Power plant equipment hits road to Tripura
Four consignments of power plant equipment bound for Indian state of Tripura left Ashuganj river port early yesterday. They will travel 49 kms in Bangladesh territory before entering India through Akhaura.
This is the first instance of India using Bangladesh roads for transhipment.
As many as 16 diversion roads were built over the last three months so that heavy-duty trailers carrying equipment for Palatana Power Station in Tripura can avoid 15 risky bridges and culverts on the way to Akhaura.
The equipment was sent from West Bengal to Ashuganj through riverways.
Ramizuddin, sub-assistant engineer of Brahmanbaria Roads and Highways Department, told The Daily Star that the logistic company, ABC India, won the contract to transport the equipment required to build the 726-megawatt power station.
ABC India got the diversion roads built by contractor Gulf Orient Seaways Limited of Bangladesh.
When four Indian Hydraulic Excel Trailers loaded with equipment around 12:30am started from Ashuganj, high officials of the district administration, law enforcement agencies and customs were present there to provide security and other supports.
Since March 9, ships carrying 16 consignments ranging between 20 tonnes and 285 tonnes have reached the Ashuganj port from Kolkata. Yesterday four of them were sent by the trailers.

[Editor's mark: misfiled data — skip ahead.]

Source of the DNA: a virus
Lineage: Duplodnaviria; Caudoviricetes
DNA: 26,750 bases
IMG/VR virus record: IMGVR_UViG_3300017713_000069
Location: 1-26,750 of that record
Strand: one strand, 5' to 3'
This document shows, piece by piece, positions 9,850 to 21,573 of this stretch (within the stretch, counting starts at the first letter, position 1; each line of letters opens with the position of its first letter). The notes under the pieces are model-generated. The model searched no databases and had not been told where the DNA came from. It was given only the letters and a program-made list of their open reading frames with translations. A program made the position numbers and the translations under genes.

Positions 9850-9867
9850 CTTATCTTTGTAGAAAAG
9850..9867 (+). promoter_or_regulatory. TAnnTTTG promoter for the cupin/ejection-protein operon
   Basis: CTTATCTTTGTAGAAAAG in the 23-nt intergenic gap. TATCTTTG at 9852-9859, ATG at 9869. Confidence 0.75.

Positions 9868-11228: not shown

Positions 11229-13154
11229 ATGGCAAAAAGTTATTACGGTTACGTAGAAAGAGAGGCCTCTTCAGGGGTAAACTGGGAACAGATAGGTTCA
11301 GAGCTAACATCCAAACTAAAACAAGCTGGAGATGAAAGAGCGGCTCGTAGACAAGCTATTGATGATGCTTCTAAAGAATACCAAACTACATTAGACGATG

The trailers-- three having 120 wheels and another 128 wheels-- are moving at a speed of five kilometres per hour carrying a consignment of around 80 tonnes each.
Total 96 consignments for the power station will be transhipped from Kolkata to Tripura using the road. Gulf Orient Seaways Limited will arrange the transportation from this end under the supervision of the Roads and Highways Department.
According to the memorandum of understanding (MOU) between Bangladesh and India, the transhipment is supposed to conclude by the end of June 2012.
Gulf Orient Managing Director Sheikh Mahfuz Hamid, however, said they are hopeful to complete the work by June this year.
The foundations of about 4,500 crore rupee Palatana Power Plant were laid in 2005, but the main construction work could not be started because of difficulties in carrying heavy equipment from Kolkata to Tripura.
The solution to the problem came when Bangladesh agreed to allow the transhipment following an Indo-Bangla accord during Prime Minister Sheikh Hasina's visit to New Delhi in January last year.